As the summer months draw to a close and fall arrives here in north Florida, it’s the perfect time to prepare for the harsher winter months. While we may not experience snow like some of the more northern states, we do get frequent frosts and freezing temperatures that can potentially harm or kill your trees.
Fortunately, there are some simple steps to take to keep your trees healthy as it gets colder, and our experts at Gaston’s Tree Service are here to help.
The easiest thing you can do to maintain tree health is to regularly check for damaging diseases or invasive insects and treat them early. Here are a few visible signs your tree needs treatment before winter comes:
- Fusiform Rust. This disease affects pine trees in the south and is noticeable by its cigar-shaped swelling and yellow pustules.
- Brown Spot Needle Blight. Small yellow or light brown needle dots on your longleaf pine indicate this disease.
- Annosus Root Disease. Pine tree wounds or damage make it more susceptible to this disease, which weakens the tree and makes it more likely to break or dislocate in strong winds.
- Oak wilt. This is a fungal disease that typically kills oak trees.
- Bacterial Wetwood, or “slime flux.” This disease, characterized by bleeding sap or trunk rot, is not as deadly for your tree, but it often causes further damage that the tree can’t heal from. A few trees most affected by slime flux: oak, elm, poplar, ash, cottonwood, and mulberry.
Mulch should be an essential part of your annual landscaping routine. When placed around tree beds, it aids in moisture retention, soil health, weed control, and aesthetic appearance. Use the fall months to mulch your yard or fill in sparse places in the existing tree beds. Mulching doesn’t have to be costly – if you have pine trees in your yard, their needles provide free natural mulch, as do mowed grass trimmings.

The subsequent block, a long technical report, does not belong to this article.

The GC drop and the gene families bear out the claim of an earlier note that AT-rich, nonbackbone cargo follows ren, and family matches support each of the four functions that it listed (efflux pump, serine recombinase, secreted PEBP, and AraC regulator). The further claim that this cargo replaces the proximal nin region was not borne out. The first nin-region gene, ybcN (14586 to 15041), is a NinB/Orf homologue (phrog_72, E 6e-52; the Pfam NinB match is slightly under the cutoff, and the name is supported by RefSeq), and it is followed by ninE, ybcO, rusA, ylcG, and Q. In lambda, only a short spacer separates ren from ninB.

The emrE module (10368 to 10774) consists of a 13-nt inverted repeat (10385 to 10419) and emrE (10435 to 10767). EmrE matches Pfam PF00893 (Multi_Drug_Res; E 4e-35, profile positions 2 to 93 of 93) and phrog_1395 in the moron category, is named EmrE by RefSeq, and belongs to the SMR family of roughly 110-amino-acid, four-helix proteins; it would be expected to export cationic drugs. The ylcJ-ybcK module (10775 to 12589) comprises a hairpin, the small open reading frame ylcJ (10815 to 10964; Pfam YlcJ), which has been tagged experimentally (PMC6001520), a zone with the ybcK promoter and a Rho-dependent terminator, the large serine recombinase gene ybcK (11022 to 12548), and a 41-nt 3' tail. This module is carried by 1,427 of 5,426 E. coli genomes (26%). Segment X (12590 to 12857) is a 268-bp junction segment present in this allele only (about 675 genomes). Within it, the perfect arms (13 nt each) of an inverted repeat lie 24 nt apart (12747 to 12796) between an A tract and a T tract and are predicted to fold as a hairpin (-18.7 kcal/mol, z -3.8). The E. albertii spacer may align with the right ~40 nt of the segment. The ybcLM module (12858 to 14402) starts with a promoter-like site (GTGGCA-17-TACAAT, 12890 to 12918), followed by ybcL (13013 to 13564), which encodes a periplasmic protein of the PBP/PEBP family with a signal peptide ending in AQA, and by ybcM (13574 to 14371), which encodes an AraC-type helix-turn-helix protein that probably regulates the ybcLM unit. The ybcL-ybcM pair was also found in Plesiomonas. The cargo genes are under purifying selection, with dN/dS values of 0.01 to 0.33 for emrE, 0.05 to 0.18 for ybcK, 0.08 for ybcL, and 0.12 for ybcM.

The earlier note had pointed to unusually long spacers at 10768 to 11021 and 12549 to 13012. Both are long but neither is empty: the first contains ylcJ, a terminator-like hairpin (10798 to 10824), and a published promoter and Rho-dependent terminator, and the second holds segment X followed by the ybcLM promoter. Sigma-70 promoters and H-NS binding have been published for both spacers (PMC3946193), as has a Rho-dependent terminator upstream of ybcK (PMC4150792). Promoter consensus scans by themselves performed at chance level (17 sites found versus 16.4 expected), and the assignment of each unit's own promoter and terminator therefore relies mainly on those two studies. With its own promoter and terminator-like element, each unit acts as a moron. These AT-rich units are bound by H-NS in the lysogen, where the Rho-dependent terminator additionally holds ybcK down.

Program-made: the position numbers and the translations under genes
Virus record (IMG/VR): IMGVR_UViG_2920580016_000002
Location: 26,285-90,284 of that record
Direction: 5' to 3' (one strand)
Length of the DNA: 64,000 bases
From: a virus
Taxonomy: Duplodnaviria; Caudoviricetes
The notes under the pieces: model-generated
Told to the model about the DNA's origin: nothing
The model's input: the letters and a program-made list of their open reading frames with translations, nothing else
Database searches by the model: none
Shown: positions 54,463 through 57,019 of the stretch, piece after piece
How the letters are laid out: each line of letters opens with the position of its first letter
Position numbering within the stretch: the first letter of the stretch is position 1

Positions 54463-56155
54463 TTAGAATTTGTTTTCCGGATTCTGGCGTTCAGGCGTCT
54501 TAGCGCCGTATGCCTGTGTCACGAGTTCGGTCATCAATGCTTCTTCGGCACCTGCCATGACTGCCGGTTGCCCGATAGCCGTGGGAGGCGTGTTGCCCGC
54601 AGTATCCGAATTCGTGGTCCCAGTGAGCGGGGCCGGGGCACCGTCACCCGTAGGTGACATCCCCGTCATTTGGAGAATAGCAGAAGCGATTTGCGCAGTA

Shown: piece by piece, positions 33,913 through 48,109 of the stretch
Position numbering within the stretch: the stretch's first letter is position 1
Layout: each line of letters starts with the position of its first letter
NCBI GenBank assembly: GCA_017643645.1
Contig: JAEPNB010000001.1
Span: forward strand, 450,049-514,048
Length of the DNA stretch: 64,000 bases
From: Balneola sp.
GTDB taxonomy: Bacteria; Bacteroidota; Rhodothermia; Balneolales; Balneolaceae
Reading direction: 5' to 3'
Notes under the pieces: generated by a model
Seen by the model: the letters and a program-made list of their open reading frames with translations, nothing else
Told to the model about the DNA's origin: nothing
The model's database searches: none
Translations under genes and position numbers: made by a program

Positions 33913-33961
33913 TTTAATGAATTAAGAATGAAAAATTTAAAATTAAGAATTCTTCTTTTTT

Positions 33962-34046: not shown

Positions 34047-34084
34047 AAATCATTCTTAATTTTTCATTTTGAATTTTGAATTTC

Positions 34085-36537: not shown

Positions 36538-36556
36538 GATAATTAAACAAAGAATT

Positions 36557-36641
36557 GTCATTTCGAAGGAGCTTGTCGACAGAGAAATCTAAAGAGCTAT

Trimming And Pruning
Unlike fruit and shade trees, trees that bloom in the spring, such as azaleas, dogwoods, and fringe trees, should not receive fall trimming or pruning. To prune, cut away the diseased or damaged limbs and branches and allow nutrients to benefit the tree’s healthy parts and allow for new, even spring growth.
Remove Dead Weight
If you notice your trees are dead or dying, remove them as soon as possible. Torrential weather conditions such as sleet and frost can weigh them down and make them fall in a dangerous place in your yard or on your home.
Take this time to plant trees appropriate for our climate and in properly nutrient-dense soil for each specific type during this dormant, non-growing period. For example, you can plant chestnut trees from August to September, and you can plant flowering trees during the fall to bloom in the spring months.
Late fall is an opportune time to use a slow-release fertilizer on your trees. Once deciduous trees stop actively growing and leaves have fallen, the tree roots rather than the new foliage get the fertilizer nutrients. The tree then stores any excess and applies it to new growth once the tree begins actively growing again.
Evergreens, as the name suggests, are trees whose leaves remain green year-round. These trees should be regularly watered, even during the fall months, to ensure their health during all seasons.
Raking and disposing of leaves that have accumulated around the base of your trees prevents the tree from receiving sunshine and creates a welcoming environment for mold, pests, and harmful bacteria.
Gaston’s Tree Service is Here to Help With Your Fall Tree Care
A comprehensive, year-round maintenance plan is essential to ensure tree and landscape health no matter what the Florida seasons bring. Contact the experts at Gaston’s Tree Service to learn how you can make your trees beautiful and strong enough to withstand anything.